For over a century, admissions officers and enrollment managers have relied on external validation of merit in selective admission of undergraduates. A main criterion used for selection is standardized testing, i.e., the SAT and ACT. Since these tests have been long-suspected and then shown to contain class and race biases while not accurately predicting retention (Banerji), the Schedler Honors College at the University of Central Arkansas (UCA) shifted to a holistic, multi-criterion selection process, de-emphasizing standardized tests, and then analyzed the outcomes. The statistical analysis served two goals. The first was to test whether variables in the admissions model, developed in 2007, predicted retention; the results led to changes in the weighting of variables for a revised rubric that we have used since 2010. The second goal was to improve enrollment of a more racially diverse population of students. Our findings demonstrated that most variables used in typical higher education admissions protocols did not accurately predict retention in the Schedler Honors College at UCA. Only one variable correlated to retention in honors, namely, high school grade point average (hsGPA). By increasing the value of hsGPA in the revamped selection rubric, UCA was able to increase rates of retention as well as diversity of incoming students.
Although the ACT and the SAT are widely accepted as indicators of college success by enrollment managers, the College Board states that standardized tests predict only 42% of academic success within the first year of college (Chenowith). Colleges nevertheless continue to base admissions and scholarship decisions on a test with this poor level of reliability. Gilroy claims that the ACT and SAT tests are one of the only ways that colleges can compare students from all over the world on a predetermined scale in a cost-effective manner. A key fallacy in this logic, however, is that the SAT and ACT were not meant to be used interchangeably (Syverson). The two tests measure different characteristics in students. The ACT measures mastery of basic high school material while the SAT tests abstract and critical thinking skills (Syverson).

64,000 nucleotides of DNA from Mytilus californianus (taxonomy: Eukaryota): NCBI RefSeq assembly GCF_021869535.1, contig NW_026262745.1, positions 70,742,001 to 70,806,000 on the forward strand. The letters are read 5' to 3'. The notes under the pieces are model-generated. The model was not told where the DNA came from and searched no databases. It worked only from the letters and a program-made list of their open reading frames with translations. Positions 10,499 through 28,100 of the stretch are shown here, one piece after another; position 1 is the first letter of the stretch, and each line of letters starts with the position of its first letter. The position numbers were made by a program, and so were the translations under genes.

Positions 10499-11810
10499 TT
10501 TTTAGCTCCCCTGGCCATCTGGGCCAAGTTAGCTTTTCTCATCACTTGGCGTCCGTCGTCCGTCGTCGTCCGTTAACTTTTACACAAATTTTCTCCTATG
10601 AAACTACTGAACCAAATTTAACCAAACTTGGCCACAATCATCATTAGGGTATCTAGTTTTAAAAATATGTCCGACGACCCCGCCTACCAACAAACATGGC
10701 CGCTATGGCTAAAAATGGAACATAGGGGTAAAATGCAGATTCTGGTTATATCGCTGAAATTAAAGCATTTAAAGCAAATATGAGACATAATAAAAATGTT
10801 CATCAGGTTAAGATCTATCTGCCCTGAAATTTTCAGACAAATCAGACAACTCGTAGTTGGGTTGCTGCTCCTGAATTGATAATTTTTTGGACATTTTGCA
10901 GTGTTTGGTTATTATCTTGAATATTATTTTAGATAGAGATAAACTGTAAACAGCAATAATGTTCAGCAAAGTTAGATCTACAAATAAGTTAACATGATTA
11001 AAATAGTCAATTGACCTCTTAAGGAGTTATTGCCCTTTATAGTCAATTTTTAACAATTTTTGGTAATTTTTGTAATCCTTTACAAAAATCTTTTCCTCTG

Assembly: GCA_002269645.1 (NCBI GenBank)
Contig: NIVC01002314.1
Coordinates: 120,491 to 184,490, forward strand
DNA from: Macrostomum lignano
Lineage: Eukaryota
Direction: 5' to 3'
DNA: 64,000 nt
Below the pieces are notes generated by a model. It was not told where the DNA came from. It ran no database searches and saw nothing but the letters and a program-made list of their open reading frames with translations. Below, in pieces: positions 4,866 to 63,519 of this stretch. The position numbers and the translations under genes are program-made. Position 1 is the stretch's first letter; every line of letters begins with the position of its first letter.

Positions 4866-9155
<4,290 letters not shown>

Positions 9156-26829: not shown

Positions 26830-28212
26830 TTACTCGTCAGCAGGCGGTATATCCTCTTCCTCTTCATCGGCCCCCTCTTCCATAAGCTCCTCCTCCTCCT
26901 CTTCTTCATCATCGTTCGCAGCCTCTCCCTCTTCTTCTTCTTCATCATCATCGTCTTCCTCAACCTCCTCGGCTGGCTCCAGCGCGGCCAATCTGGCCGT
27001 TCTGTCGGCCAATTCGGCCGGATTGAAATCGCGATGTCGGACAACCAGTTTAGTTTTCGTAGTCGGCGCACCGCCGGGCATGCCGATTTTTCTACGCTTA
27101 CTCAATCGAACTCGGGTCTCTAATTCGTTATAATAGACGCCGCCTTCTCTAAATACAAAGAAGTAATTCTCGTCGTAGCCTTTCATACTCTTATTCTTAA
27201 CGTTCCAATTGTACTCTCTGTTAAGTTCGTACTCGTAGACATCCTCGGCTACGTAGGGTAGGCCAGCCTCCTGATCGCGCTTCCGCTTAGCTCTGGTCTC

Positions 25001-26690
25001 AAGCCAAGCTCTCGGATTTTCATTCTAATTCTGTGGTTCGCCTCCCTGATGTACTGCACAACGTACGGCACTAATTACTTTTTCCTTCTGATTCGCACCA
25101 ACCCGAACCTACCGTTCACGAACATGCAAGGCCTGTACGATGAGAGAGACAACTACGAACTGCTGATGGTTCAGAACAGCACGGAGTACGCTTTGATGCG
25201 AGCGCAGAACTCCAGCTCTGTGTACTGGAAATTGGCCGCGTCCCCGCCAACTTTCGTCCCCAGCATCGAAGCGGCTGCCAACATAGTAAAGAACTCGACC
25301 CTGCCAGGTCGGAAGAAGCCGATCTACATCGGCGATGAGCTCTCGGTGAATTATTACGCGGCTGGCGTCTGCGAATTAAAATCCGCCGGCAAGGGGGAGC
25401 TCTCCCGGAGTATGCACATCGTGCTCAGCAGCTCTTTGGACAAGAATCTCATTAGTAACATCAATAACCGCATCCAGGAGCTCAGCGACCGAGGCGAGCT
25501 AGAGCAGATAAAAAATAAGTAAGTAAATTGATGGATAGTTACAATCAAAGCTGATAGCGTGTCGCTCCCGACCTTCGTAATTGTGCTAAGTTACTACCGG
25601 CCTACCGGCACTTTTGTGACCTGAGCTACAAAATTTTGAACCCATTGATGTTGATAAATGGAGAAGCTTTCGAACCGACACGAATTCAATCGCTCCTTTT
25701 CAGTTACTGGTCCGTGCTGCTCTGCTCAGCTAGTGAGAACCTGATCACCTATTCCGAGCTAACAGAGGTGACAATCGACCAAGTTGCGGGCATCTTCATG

Because of these inconsistencies, as well as concerns about bias in standardized tests, more than 800 institutions (including Texas Tech University, Central Bible College, Cambridge College, Texas Women's College, University of Arizona, and University of Memphis) have chosen to be test-free institutions, meaning that these colleges do not use the SAT or ACT in their admissions decisions (FairTest). Preliminary research conducted on institutions not using standardized testing has demonstrated that their selection methods have been just as effective (Banerji).
Using grade point average and class rank for selective admissions has its own problems: methodologies used to calculate hsGPA vary from school to school; neither grade point average nor class rank is standardized (Sadler, et. al.); and the scale for reporting hsGPA varies, with some high schools refusing to report class rank altogether. If high schools do not rank students, then the university bears the burden to understand hsGPA in context (Sadler et al.).
Honors programs and colleges with selective admissions typically rely on criteria used more generally in higher education, including standardized tests, despite the fact that honors education in the United States started as a reaction to excessive standardization. Frank Aydelotte, while serving as President at Swarthmore College, noticed that the education system was not challenging top students. Having been a Rhodes Scholar, he was familiar with the Oxford methodology, and used it to begin the first American honors program at Swarthmore College in 1922 (Rinn). Honors programs have broadened teaching and learning practices since then, largely because of shared information among participants in the National Collegiate Honors Council (NCHC). …